Friday, March 7, 2008

Hurricane Smith -- "Oh Babe, What Would You Say?" (1972)

This morning, I read the lengthy obituary for former Beatles engineer and Pink Floyd signee Norman Smith in the New York Times. I was shocked to discover that this man, who had such an influential role in 60's rock and psychedelia production, was the singer of the early 70's novelty hit, "Oh Babe, What Would You Say?"

It's hard to believe that the man who worked with producer George Martin on every Beatles song from 1962 through 1966, and then signed Pink Floyd to EMI Records and went on to produce their first two albums sang this campy silly hit song that was about as far from rock and roll imaginable.

The early 70's was a field day for novelty hits -- the British ate them up -- and "Oh Babe, What Would You Say" fit right in the mold of left field success. I should devote a whole blog posting to some of them: C.W. McCall's "Convoy," Loudon Wainwright III's "Dead Skunk," everything ever played on the nationally syndicated "Dr. Demento" radio show, The Pipkins' "Gimme Dat Ding," Ray Stevens' "The Streak" and "Gitarzan," and the audio clip job from Buchanan & Goodman, "The Flying Saucer."

"Oh Babe, What Would You Say" sounded like it was recorded in the late 40's or early 50's, a British dance-hall type mid-tempo number with a cheesy orchestra, sweeping jazz drum brushes, and Hurricane Smith crooning on the verge of being in on the joke, his voice slightly pinched to sound like it's coming through a megaphone. It as the kind of song you imagine your grandfather danced to when he came home from the war.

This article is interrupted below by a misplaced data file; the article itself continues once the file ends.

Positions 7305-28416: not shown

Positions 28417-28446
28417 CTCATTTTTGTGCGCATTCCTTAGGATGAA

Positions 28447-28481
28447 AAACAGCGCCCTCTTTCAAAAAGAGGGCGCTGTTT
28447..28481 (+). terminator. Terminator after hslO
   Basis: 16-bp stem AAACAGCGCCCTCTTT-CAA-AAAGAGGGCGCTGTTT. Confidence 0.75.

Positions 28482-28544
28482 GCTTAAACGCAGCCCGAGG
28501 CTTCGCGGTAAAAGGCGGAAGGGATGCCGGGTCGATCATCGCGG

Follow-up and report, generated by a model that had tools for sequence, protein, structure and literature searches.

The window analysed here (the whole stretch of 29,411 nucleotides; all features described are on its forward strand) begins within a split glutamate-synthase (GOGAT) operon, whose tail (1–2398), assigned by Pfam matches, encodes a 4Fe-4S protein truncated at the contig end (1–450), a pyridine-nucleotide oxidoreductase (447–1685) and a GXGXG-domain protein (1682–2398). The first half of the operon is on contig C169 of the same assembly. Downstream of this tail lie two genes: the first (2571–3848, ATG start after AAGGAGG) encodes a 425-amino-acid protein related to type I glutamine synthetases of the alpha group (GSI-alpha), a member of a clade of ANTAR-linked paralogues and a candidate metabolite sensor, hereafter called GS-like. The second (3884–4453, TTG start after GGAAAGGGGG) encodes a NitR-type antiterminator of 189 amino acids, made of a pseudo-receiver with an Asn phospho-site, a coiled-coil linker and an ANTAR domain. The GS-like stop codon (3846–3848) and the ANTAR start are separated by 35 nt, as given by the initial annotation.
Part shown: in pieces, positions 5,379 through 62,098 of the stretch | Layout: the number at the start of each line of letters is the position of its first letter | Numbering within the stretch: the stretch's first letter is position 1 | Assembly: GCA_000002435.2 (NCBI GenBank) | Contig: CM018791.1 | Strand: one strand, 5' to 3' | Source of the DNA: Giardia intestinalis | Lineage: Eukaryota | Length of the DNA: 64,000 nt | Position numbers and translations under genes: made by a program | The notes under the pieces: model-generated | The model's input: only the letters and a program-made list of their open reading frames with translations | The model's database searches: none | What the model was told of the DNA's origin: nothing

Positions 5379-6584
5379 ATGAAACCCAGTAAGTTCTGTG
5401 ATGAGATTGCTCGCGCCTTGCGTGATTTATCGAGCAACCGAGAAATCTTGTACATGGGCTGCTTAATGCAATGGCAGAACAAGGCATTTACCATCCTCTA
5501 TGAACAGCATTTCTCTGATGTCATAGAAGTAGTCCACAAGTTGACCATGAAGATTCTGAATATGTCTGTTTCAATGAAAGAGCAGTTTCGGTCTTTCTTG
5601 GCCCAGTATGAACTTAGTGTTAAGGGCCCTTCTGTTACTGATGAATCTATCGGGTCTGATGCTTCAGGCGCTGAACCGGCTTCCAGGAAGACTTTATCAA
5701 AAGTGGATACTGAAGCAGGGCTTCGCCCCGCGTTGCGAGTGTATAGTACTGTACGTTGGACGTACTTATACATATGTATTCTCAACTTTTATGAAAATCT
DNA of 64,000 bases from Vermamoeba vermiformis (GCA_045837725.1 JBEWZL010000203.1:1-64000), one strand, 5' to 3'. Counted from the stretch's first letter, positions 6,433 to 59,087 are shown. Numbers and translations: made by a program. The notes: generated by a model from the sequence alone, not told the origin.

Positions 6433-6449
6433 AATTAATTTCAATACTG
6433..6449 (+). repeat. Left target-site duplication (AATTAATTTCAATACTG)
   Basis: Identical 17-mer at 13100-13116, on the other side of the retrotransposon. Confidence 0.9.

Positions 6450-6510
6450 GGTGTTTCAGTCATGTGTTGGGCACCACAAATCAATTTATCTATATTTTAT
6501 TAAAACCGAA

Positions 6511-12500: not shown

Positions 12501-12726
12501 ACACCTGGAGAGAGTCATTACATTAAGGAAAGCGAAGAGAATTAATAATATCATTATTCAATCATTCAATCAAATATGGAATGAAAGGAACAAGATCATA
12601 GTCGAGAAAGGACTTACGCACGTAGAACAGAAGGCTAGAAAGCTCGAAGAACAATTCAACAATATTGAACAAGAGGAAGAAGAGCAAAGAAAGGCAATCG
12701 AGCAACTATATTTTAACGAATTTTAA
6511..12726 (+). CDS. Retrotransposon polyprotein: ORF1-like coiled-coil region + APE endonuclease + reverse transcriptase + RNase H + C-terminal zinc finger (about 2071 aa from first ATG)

Paul McCartney composed and sang dance hall-influenced numbers which were either ignored or despised by Beatles fans, like "Honey Pie" (White Album) and "You Gave Me The Answer" (Venus and Mars).

Despite "Oh Babe, What Would You Say" sounding like an out of left field wedding song from another era, it actually climbed high onto the charts. I never knew who Hurricane Smith was, and frankly he could have been the same guy who pretended he was Jethro Tull. Was it a catchy song for what it was? Sure, like the way Glenn Miller's "In The Mood" was.

In keeping with the corny theme, I have two videos below to salute Hurricane Smith -- one is a montage of classic cars with a few photos of Smith cut in, and then an absolutely cheeseball 1973 black and white clip of an entertainer singing the tune in French wearing an outfit right out of a Jerry Lewis movie.

1 comment:

dubmill said...

I really like 'Oh Babe, What Would You Say'. It's catchy and poignant at the same time. To say that it has nothing to do with rock is, to me, to miss the point of it. Norman Smith came from an earlier generation and this kind of old-fashioned songsmithery was his musical roots. Roger Waters is quoted as describing Smith as 'an old-school song and dance man'.

Yet at the same time Smith saw a commercial opportunity for this kind of revivalist song, which nevertheless has enough touches in the production, vocal delivery and sound to make it much more than pure pastiche. In my opinion it's a work of genius and clearly it struck a chord with listeners and buyers at the time, many of whom were perhaps that little bit older and could relate to the sound it referred to.